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Archive for the ‘Psalms’ Category

How do we worship?  We live in a culture engulfed in how-to books.  We can pick up a “For Dummies” book on just about any topic, or we can search the internet for steps on how to plant a garden, build a deck, or repair our last do-it-yourself project.

One area we may not think about needing a manual for, though, is worship.  Doesn’t worship just come naturally, and we do what we do?  But Scripture tells us otherwise; the Holy Spirit has never been favorably impressed by people worshiping according to their own standards of what is right (remember Nadab and Abihu?).

Christians disagree over the extent to which God has told us how to worship.  Some would speak of a regulative principle, in which corporate worship should consist only of what is commanded or described in Scripture.  Others would talk about a normative principle, saying that many kinds of worship are acceptable to God, as long as they are not forbidden by Scripture.  At its heart, though, the Bible is clear that worship requires a certain attitude, a certain kind of heart, or it is not worship.  Psalm 95 gives us three reminders as we worship day by day:

I.  Worship with Joy (Psalm 95:1-5).
II.  Worship with Humility (v. 6-7a).
III.  Worship While There Is Still Time (v. 7b-11).

It was an unanticipated privilege to consider this psalm with my brothers and sisters at Grace Chapel yesterday.  Audio may be listened to below, or it may be downloaded by right-clicking and “Save Link As” here.  A written version may be found here.

An earlier version of this post, along with an earlier version of this sermon, was posted on Life and Godliness on November 4, 2014.

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How do we worship?  We live in a culture engulfed in how-to books.  We can pick up a “For Dummies” book on just about any topic, or we can search the internet for steps on how to plant a garden, build a deck, or repair our last do-it-yourself project.

One area we may not think about needing a manual for, though, is worship.  Doesn’t worship just come naturally, and we do what we do?  But Scripture tells us otherwise; the Holy Spirit has never been favorably impressed by people worshiping according to their own standards of what is right (remember Nadab and Abihu?).

Christians disagree over the extent to which God has told us how to worship.  Some would speak of a regulative principle, in which corporate worship should consist only of elements that are commanded or described in Scripture.  Others would talk about a normative principle, according to which many kinds of worship are acceptable to God, as long as they are not forbidden by Scripture.  At the very least, though, the Bible has much to say about the attitude we must bring as we come before our God.  Psalm 95 gives us three reminders as we worship day by day:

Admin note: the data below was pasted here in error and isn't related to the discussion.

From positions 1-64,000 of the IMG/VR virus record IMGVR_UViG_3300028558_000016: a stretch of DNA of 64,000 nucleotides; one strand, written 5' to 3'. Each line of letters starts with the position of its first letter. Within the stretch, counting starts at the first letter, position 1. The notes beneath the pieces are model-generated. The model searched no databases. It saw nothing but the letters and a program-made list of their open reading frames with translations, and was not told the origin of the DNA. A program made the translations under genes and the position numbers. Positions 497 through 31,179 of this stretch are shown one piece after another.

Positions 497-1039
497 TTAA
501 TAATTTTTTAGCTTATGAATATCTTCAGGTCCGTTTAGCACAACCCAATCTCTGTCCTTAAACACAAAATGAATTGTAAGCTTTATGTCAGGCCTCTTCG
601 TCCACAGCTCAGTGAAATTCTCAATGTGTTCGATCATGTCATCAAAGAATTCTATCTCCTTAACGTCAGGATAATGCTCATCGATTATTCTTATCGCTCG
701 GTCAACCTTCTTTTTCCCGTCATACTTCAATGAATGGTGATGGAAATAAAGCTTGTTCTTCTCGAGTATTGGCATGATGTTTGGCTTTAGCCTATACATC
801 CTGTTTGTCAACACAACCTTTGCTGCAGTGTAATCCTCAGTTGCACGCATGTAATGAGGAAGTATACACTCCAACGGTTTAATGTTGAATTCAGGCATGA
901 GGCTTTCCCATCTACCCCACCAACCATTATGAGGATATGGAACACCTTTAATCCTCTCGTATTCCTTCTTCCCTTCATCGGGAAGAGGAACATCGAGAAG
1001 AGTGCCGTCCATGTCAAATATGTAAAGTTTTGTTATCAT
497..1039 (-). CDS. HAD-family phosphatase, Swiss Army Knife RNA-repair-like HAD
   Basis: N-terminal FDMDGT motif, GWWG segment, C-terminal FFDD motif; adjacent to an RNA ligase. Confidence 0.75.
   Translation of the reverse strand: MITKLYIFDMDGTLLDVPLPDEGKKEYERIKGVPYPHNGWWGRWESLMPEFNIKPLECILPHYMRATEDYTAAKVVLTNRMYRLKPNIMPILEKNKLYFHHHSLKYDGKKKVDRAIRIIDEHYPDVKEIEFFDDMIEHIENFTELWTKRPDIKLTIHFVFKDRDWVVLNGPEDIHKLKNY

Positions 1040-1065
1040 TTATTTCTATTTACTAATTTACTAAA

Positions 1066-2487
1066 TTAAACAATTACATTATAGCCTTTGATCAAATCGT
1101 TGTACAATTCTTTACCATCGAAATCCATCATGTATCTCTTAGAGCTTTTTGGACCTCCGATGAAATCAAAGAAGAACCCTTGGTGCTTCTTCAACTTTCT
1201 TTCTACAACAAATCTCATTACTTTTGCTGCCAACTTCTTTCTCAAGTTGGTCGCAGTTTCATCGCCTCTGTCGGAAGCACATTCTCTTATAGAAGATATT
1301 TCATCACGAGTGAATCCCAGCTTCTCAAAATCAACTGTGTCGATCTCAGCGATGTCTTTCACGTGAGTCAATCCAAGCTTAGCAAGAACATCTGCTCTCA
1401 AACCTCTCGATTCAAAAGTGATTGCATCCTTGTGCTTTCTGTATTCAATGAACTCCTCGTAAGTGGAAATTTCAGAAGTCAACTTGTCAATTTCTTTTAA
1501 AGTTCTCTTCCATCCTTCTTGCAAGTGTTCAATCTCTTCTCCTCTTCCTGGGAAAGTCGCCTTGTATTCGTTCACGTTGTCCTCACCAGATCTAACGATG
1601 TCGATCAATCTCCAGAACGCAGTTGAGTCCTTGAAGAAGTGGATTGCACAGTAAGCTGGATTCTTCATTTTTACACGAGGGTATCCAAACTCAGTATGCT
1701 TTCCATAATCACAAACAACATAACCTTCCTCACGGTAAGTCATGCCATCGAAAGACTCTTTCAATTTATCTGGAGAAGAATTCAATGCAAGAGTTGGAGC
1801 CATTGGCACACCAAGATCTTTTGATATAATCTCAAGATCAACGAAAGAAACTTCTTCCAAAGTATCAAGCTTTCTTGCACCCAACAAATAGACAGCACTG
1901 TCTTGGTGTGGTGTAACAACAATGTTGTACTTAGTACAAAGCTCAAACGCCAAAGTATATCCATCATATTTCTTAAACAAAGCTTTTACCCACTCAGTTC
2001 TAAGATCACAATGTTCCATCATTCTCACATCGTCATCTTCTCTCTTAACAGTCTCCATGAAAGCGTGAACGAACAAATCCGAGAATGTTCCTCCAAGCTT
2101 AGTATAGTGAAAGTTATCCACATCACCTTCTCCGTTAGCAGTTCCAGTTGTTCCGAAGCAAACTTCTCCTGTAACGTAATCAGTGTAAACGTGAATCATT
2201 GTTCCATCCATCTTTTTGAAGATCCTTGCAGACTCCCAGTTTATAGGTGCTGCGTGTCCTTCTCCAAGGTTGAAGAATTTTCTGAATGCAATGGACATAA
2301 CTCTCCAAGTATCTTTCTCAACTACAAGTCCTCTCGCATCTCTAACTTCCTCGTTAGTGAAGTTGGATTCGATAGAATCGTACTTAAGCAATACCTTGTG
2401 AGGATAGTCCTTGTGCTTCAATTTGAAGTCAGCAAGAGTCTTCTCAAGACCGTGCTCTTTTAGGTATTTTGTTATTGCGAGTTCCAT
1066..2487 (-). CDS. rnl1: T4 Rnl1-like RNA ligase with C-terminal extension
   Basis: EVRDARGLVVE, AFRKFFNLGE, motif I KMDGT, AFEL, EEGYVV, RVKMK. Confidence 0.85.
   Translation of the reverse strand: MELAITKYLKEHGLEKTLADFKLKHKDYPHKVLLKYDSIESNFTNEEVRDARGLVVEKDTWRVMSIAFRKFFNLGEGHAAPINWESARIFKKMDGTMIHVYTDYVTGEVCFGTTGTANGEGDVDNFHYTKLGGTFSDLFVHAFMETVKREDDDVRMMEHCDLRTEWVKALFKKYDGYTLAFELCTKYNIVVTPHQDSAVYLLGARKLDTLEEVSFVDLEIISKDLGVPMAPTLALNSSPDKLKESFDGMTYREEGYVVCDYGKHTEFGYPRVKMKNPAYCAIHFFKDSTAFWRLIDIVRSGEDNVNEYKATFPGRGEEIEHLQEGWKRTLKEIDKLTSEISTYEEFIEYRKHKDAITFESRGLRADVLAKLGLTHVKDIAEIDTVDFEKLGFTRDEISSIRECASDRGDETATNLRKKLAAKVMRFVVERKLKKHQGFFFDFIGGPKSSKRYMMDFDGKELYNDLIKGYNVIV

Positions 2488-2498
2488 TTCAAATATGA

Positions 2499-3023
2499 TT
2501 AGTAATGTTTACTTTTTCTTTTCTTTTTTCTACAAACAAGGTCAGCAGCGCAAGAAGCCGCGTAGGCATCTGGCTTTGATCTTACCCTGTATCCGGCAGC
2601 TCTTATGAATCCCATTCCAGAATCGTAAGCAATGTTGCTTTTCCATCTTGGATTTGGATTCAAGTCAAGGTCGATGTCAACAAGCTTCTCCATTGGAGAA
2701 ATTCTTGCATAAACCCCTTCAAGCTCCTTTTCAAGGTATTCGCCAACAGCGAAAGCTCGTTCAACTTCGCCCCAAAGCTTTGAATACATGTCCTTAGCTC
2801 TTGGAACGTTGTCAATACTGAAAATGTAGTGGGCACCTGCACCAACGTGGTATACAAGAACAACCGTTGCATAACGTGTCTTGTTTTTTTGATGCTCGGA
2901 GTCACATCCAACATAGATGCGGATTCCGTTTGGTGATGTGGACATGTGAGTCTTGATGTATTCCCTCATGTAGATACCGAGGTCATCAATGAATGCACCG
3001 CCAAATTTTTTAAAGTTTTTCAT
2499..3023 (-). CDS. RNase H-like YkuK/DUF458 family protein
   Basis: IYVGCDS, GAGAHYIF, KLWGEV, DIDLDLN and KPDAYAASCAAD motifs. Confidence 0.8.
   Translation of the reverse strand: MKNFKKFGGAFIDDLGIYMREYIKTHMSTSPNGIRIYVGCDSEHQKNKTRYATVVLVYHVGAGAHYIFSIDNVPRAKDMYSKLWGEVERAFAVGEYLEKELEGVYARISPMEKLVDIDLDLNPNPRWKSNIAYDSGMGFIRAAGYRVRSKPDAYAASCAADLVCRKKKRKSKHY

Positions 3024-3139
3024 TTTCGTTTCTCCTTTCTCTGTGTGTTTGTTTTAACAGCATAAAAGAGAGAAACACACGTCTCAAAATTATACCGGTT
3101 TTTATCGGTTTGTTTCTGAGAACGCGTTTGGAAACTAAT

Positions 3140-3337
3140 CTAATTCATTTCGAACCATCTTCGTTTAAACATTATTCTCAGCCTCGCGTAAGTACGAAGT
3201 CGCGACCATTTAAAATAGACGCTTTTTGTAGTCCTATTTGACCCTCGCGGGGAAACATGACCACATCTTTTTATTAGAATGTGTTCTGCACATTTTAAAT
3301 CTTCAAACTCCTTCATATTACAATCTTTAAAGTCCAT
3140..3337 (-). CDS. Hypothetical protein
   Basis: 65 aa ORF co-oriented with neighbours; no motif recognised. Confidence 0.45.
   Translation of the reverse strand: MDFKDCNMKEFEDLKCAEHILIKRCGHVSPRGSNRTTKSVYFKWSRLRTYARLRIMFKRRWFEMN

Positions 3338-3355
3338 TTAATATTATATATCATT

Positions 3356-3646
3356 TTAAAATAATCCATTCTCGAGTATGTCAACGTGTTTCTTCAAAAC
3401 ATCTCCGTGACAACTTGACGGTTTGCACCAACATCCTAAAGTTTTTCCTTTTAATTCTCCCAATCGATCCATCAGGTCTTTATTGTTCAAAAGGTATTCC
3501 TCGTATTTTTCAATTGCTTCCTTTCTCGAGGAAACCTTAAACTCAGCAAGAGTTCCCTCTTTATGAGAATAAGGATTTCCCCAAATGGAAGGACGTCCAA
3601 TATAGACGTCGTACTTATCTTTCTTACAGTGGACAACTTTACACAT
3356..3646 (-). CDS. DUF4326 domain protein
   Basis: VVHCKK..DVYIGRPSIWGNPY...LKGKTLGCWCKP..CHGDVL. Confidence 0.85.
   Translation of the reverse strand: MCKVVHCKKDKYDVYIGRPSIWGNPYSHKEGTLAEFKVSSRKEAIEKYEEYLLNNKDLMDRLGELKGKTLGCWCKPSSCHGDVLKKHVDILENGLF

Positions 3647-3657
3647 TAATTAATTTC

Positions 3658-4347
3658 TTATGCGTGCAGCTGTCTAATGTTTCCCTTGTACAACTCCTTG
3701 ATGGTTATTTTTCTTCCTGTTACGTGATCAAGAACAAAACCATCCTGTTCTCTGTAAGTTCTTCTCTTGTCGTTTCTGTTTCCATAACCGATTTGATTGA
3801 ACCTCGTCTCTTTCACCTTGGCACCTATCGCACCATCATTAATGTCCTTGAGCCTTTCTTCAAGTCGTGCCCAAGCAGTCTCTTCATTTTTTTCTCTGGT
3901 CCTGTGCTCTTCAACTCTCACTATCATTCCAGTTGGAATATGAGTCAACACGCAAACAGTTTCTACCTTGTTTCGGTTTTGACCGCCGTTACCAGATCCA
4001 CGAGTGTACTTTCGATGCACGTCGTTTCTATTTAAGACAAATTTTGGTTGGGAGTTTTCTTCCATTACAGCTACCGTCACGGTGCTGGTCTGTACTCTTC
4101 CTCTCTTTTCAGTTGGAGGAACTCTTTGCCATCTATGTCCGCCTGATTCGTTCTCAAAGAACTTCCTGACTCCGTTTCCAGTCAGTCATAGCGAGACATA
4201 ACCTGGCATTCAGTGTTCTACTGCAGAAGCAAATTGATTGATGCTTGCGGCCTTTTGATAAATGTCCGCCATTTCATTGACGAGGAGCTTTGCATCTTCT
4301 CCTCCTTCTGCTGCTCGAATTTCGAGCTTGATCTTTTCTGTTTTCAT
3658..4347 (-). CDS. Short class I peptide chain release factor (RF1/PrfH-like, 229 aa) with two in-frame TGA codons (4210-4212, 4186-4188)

I.  Worship with Joy (Psalm 95:1-5).

II.  Worship with Humility (v. 6-7a).

III.  Worship While There Is Time (v. 7b-11).

It is always a joy to be with the brothers and sisters of Grace Reformed Church of Oakland, MD, and I am grateful for the chance a few weeks ago to open Psalm 95 with them.  Audio may be listened to below, or it may be downloaded by right-clicking and “Save Link As” here.  A written version may be found here.

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It was a delight to be with the brothers and sisters of Gospel Life Baptist Church in Keyser, WV, again this morning, and a privilege to fill the pulpit as their pastor was away.  For many churches and denominations, missions has been a heavily debated subject.  Must every local church be a part of sending the gospel around the world, or might we be better off focusing our attention and resources on the many people in our own back yard who don’t know Christ?  For that matter, if we send missionaries, what are they to be doing?  Should their first priority be providing needed food and clean water, figuring that starving people will find it hard to listen about Jesus, or do we leave that work to the Peace Corps and focus on pointing people toward heaven?[1]

A full-blown theology of missions must take into account all of Scripture, but Psalm 96 provides answers to both sets of questions—the questions of should we go and why do we go.  It is a call to take the good news of who our God is to all the nations.  But we don’t go simply because Acts 1:8 and Matthew 28:16-20 tell us we have to.  The psalmist gives us four vital reasons to go into all the world:

I.      Go because there is good news of salvation (v. 1-3).

II.    Go because there is only one real God (v. 4-6).

III.  Go because this God is worthy of worship (v. 7-9).

IV.  Go because this God is King of the whole world (v. 10-13).

 

Audio may be downloaded here, or it may be listened to below.  A brief written version is available here.

 

[1] This is an incredibly broad generalization, not to mention a false dilemma—there is a place for doing both.  There remains the much-disputed question about which is our leading priority—if we find we can only do one well, where ought our focus to be?